Weichelt, who was previously responsible for the ServSafe® Food Safety training programs offered by the NRA, said “don’t take what [food handlers] know or don’t know for granted” when designing a worker training program. Weichelt recommended ServSafe food managers be recertified every three to five years, with food handlers recertifying every two years or so.
Gorsuch uses the ServSafe curriculum to certify his staff, then supplements that training by regularly reinforcing safety and compliance topics with in-service meetings and on-the-spot coaching. Weichelt endorsed this approach: “Managers need to be observant and give immediate feedback and remedial training as and when they notice issues. Just training once and walking away isn’t ideal.”
A workplace training program should cover not just each person but also each piece of equipment at a community. Gorsuch tailors his training program by community, as each has different equipment. Koelling noted that “in a kitchen, it’s the technical side of things that typically needs reinforcement. Like what’s going on inside your ice machine? If not properly cleaned and inspected, it could be the single biggest risk in your community. There’s not much exposure to a topic like that outside of a health care or senior living community; it’s important to train.”
According to Gorsuch, daily reinforcement is the key to the inspection success at his communities. “We know what to look for daily, and we stay inspection ready. We don’t have to worry about ‘getting’ ready for inspectors. That’s the way I was trained.”
Koelling uses a checklist “game” to introduce some fun into the process of getting and staying “inspection ready.” Strategic Dining Services creates tailored checklists such that each piece of equipment gets inspected, and each employee gets a set of tasks to complete. The goal is that each checklist is completed without any issues found, in less than four minutes. “When the four minutes are up, we look at the corrections needed. And we talk about not just ‘what’ needs to be corrected, but also ‘why’ and ‘how.’ So, we’re playing a game, but learning in the process.” They also use it to get others familiar with the inspection process and build an understanding across the entire team, by having an executive director or the maintenance director take a position in the drill. A nice side effect of the training is it can increase inspection scores by helping avoid minor findings, Koelling said.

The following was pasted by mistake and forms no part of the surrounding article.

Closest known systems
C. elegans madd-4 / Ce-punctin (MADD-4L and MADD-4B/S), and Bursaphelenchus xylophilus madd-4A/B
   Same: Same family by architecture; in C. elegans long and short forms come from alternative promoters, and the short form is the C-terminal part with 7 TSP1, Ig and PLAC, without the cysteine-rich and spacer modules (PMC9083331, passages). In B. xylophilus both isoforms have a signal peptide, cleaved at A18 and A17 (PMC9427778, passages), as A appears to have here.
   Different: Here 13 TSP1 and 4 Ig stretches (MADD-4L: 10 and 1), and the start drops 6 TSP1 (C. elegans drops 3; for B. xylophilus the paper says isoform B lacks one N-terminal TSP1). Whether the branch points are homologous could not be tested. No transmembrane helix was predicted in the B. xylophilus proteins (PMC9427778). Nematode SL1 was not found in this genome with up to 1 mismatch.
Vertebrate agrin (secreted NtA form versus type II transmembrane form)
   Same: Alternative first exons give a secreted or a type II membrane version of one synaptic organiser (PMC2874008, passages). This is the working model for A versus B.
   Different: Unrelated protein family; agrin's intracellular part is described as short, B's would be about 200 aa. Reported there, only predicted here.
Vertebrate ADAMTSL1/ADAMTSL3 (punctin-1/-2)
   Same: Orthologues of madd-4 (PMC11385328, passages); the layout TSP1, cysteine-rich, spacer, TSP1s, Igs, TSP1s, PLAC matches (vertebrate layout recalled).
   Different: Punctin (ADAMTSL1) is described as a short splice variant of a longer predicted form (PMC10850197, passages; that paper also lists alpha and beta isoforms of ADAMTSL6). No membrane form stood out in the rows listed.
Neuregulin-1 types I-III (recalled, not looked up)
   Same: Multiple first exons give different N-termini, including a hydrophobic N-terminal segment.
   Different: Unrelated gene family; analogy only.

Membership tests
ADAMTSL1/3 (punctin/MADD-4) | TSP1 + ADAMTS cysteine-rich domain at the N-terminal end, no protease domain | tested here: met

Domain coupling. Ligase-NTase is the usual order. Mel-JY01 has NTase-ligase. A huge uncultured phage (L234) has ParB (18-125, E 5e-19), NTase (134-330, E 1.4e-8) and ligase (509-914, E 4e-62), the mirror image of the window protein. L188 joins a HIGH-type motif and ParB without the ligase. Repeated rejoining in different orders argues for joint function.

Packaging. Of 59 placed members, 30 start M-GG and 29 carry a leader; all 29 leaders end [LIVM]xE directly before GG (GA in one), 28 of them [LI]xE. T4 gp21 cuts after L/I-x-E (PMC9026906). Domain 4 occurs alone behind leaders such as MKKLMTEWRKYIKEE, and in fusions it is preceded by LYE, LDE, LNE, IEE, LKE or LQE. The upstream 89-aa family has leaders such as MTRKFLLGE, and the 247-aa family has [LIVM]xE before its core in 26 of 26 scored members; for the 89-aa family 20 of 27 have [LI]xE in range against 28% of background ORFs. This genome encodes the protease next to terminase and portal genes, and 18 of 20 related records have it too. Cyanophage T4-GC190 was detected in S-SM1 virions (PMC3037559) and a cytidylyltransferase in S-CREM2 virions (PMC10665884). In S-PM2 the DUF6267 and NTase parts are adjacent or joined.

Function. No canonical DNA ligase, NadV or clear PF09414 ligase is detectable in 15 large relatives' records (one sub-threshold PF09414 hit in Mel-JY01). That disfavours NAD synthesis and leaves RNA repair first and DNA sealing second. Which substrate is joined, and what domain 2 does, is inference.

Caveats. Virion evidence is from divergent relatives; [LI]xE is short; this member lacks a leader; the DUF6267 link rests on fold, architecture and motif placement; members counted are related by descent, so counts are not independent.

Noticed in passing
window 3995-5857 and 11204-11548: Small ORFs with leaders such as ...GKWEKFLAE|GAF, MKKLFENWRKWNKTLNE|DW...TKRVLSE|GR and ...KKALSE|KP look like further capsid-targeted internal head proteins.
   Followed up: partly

Training and reinforcement of best practices and community-specific processes is critical to maintaining food safety. Training is also essential to worker safety. Weichelt noted that food service communities “are busy, very high pressure. Things get busy, there are many moving parts, and things can change rapidly.” If equipment is not working properly, or staff is not trained to use it correctly, injuries can occur. Beyond the increased workers’ compensation expense of injuries, workers have a legal right to a safe working environment. Koelling noted that keeping workers safe starts with the hiring process. “Are you hiring people that are equipped to be in a kitchen setting where things are hot, sharp, heavy, and fast-paced?” He noted worker shortages and difficulty in hiring can sometimes also rush the onboarding processes that are so critical to keeping dining staff safe.
If a senior living executive doesn’t have a food service background and isn’t sure where to start with improving a food service operation, Koelling offered this advice: “Start with your instincts. Those are going to be your best tool for evaluating what’s going on. What does it look like in the kitchen? Smell like? If the kitchen doesn’t seem right, trust me, it’s not right. Start with your instincts, and then work out a plan or get help to address the concerns.”